I’m having a dilemma over which type of coffee is better in the context of life, one using a K-Cup or when with a reusable faKe-Cup.

The answer is relative and depends on your values..and your budget.

Let’s look at the tale of the pod device, or the “Excellence”- cup.

The coffee pod device was developed in 1992 by John Sylvan. Sylvan, drinking up to 40 cups of coffee per day left his menial job to develop a coffee device that was suitable for passionate coffee drinkers.

He wanted the definition of excellence in Dutch, which is Keurig, and from that came the ubiquitous name: K-Cup.

Despite the fact that patent on the K-Cup ended in 2012, Keurig continues topping the  market, but just about every other coffee manufacturer has developed K-Cups. About a third of all homes now has a pod-based coffee machine, even though Sylvan never imagined they would be used outside of offices.  In 2014 K-Cups accounted for most of Keurig Green Mountain’s $4.7 billion in revenue—more than five times what the company made five years prior.

  1. Price: The winner: reusable faKe-Cup. The cost to buy a bag of your favorite coffee (or one that is on sale) and dip your spoon to get two scoops into your reusable K-Cup is so inexpensive compared to a box of K-Cups. You might get 25 cups of 8 ounce coffee from a 12 ounce bags of coffee compared to buying a box of 10 to 12 K-Cup pods at your supermarket, which can cost as little as $4.99 to $9.99.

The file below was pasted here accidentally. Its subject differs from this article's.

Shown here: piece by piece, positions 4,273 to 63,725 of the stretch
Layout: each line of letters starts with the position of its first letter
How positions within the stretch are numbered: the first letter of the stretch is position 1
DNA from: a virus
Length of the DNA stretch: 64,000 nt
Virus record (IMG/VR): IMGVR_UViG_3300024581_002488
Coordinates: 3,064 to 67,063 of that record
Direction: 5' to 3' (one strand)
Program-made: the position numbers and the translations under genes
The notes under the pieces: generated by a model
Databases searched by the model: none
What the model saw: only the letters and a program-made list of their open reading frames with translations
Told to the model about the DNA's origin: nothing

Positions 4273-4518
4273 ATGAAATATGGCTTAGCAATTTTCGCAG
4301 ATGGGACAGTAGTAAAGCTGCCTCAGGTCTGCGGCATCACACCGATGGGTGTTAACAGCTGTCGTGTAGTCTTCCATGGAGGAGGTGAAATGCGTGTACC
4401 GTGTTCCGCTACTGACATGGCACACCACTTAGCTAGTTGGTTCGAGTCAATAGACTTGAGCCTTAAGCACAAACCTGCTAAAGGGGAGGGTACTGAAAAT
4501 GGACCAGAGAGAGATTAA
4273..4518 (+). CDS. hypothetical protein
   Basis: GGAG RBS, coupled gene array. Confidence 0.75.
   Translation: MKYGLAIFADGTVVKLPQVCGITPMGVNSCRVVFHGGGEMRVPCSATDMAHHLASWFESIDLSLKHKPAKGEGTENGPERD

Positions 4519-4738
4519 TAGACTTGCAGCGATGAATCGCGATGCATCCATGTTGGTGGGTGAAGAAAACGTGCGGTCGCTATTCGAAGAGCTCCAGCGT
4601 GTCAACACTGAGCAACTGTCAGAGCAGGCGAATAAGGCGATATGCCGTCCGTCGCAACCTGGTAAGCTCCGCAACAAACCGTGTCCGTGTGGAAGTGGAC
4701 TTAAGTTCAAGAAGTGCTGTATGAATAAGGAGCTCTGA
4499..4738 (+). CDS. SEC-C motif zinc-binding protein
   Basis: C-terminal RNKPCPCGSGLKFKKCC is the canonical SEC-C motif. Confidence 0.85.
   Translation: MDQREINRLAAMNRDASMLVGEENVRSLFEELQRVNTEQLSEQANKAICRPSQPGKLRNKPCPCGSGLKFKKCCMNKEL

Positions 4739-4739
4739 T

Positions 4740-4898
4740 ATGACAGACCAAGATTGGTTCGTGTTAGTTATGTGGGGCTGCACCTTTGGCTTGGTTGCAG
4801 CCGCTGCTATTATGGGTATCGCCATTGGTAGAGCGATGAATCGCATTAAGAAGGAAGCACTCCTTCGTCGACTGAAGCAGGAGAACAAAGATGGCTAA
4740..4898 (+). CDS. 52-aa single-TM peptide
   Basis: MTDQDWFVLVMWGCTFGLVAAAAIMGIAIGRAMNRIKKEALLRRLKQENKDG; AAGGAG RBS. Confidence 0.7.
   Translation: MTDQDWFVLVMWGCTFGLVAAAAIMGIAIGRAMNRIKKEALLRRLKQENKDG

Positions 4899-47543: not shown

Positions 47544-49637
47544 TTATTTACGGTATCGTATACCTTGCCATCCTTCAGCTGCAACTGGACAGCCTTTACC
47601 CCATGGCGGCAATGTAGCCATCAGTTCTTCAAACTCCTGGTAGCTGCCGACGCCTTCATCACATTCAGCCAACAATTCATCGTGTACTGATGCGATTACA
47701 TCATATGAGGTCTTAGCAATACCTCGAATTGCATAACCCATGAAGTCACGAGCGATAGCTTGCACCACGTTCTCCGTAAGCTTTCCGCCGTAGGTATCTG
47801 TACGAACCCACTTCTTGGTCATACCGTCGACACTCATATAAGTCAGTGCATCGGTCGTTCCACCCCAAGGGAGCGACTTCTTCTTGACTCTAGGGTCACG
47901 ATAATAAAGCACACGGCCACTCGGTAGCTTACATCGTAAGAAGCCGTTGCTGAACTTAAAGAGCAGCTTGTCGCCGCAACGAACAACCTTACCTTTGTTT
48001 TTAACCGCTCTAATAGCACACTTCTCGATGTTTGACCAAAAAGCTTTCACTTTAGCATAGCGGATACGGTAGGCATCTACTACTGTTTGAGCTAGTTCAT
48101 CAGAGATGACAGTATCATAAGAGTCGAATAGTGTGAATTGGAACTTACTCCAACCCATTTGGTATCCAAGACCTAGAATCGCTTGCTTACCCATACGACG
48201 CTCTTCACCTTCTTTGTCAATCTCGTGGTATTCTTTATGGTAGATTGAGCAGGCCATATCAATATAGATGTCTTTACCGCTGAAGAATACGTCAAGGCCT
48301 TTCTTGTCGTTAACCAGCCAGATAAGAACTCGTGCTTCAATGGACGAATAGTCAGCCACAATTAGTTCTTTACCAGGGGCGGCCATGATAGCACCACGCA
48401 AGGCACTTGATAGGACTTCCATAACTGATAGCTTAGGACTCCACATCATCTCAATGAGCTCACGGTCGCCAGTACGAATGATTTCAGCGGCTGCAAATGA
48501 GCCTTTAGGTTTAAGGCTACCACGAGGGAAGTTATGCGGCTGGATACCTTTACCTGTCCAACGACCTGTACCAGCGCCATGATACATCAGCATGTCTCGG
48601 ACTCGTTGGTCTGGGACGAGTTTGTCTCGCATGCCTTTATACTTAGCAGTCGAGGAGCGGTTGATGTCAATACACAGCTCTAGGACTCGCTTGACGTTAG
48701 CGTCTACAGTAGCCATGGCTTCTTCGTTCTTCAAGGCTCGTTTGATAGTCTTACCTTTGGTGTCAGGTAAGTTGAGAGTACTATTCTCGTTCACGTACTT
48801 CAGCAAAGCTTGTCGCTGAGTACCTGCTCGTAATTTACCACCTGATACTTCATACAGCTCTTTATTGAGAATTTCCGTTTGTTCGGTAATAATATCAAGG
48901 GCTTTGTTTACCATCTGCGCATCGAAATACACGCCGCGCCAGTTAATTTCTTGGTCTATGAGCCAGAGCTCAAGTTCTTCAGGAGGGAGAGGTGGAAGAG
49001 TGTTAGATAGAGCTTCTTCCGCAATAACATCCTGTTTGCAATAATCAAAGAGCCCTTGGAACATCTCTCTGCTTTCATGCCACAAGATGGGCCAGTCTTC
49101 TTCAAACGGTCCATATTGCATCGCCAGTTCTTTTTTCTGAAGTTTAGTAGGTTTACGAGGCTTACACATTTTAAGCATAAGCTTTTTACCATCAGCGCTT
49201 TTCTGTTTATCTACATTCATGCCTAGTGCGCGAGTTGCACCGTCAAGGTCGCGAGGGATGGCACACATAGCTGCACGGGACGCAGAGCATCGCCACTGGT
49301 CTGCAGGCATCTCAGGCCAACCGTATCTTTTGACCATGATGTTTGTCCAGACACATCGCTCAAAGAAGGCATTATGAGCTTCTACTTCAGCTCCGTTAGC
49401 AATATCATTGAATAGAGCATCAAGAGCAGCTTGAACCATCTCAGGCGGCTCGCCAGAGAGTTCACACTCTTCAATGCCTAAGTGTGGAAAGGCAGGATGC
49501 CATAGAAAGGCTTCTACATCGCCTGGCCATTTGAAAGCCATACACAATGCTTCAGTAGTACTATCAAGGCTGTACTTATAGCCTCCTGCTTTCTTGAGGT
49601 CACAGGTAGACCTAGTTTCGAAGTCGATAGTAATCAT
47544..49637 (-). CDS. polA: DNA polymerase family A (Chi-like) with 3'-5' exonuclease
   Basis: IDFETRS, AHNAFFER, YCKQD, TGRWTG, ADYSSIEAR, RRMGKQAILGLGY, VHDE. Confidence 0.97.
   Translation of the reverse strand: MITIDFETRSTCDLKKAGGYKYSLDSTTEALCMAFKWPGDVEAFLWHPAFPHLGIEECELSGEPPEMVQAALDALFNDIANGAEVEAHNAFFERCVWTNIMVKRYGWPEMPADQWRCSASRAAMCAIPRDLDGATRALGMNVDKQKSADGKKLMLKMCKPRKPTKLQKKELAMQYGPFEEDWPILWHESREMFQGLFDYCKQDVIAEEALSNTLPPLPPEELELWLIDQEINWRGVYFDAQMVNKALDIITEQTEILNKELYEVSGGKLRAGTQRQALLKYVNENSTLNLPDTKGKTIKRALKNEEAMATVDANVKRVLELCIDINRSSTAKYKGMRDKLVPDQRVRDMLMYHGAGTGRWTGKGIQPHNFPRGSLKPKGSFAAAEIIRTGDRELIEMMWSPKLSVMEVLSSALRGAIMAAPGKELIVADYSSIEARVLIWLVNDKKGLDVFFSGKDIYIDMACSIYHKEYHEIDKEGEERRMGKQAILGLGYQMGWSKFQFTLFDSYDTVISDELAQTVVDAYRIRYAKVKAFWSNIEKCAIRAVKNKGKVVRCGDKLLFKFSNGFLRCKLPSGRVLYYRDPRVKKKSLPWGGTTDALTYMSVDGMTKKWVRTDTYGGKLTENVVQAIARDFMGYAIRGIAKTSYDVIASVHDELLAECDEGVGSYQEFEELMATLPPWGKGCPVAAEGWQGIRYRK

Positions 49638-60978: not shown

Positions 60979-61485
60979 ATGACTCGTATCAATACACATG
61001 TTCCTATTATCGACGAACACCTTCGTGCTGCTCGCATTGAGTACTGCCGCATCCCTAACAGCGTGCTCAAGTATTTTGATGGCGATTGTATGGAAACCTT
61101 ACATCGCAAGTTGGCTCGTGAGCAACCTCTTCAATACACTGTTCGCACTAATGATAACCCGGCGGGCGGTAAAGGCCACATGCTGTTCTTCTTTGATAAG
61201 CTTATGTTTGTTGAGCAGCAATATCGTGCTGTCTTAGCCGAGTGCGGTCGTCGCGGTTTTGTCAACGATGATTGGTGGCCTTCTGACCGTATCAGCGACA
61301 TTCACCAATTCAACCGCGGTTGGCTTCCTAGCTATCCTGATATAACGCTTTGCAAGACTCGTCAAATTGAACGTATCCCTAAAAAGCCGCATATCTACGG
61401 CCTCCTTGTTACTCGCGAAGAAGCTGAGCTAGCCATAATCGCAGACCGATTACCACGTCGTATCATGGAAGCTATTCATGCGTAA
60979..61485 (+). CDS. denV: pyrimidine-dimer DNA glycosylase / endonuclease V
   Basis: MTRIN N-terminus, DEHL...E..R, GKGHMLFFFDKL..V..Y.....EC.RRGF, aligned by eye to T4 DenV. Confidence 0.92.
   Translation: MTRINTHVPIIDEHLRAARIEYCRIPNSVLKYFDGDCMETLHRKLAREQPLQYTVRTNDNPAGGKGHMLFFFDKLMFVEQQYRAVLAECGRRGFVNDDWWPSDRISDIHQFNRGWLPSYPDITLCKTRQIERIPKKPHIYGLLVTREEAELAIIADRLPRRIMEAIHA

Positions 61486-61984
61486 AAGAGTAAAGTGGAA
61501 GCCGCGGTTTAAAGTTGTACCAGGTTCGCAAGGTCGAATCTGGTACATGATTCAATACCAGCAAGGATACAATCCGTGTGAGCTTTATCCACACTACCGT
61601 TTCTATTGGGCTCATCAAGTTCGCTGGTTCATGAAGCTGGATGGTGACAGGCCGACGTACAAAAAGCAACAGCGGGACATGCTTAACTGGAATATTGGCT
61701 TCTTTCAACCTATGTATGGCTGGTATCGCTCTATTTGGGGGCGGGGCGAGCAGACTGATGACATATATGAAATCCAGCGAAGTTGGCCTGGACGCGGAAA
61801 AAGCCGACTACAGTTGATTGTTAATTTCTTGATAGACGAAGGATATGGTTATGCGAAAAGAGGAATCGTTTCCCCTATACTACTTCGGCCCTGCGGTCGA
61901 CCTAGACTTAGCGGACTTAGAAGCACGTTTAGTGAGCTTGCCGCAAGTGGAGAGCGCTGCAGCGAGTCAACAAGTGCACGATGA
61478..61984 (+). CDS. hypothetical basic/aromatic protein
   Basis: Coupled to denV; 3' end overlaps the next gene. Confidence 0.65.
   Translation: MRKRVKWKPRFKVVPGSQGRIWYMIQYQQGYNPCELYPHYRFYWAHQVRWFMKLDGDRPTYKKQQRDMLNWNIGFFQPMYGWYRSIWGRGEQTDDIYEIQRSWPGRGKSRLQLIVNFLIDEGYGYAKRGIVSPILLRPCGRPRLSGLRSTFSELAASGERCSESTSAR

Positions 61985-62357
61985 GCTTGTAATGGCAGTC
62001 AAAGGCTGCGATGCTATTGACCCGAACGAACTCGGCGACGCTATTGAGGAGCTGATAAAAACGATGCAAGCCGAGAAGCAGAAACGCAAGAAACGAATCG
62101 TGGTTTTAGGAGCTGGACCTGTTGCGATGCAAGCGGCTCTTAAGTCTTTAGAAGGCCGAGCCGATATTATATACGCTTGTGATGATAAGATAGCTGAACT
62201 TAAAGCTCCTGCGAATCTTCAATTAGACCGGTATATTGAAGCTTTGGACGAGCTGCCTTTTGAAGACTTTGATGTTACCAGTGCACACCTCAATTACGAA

2. Speed: The winner: K-Cup. It is so easy to put a ready made K-Cup into a machine, and press a button and viola, your cup is ready. Once your done, you take the pod out of the maker and throw it away. The faKe-Cup you have to take and clean it. Where do you dump the grounds? If you have a garden I would start there, otherwise dump the grounds in the garbage, but I would not recommend putting it down the trash compactor because it might break the compactor.
  3. Taste: The winner: Tie. This is a toss up since I have tried both types. I would recommend using spring or purified water to fill up your machine rather than tap water. Cleaner water makes your coffee taste better.
  4. Cleaning up: The winner K-Cup. It will take several minutes to clean out your faKe-Cup compared to just taking your K-Cup out of your machine.
  5. Mobility: The winner K-Cup. It is easy to carry one or two K-Cup around with you. To work, school, church, wherever has a K-Cup or similar machine your K-Cup is your friend. You may fill up a faKe-Cup at home and bring it in to work, but you have to make sure you have to clean and dump out the grounds. Make sure you wipe your fingers to if you are manually scooping the grounds out.
  6. Sustainability for the environment: Hands down winner faKe-Cup. In an article published by the Atlantic in 2015, A Brewing Problem, Sylvan admits that the pods are not biodegradable and can damage the environment. There is a short movie called “Killed the K-Cup” on YouTube taking a stand against the non-biodegradable cups.

So when you grab your K-Cup at home or at work, you might want to cut open your pod and get rid of your grounds and place the plastic into your recycle bin.

Millions love their coffee. Some more than others. Thus we can thank Mr. Coffee for a machine to make a pot of coffee and John Sylvan for perfecting the “excellence”, the translation in Dutch Keurig, K-Cup for reinventing the way we drink coffee. Save your money from Starbucks and bring a Starbucks pod to work instead.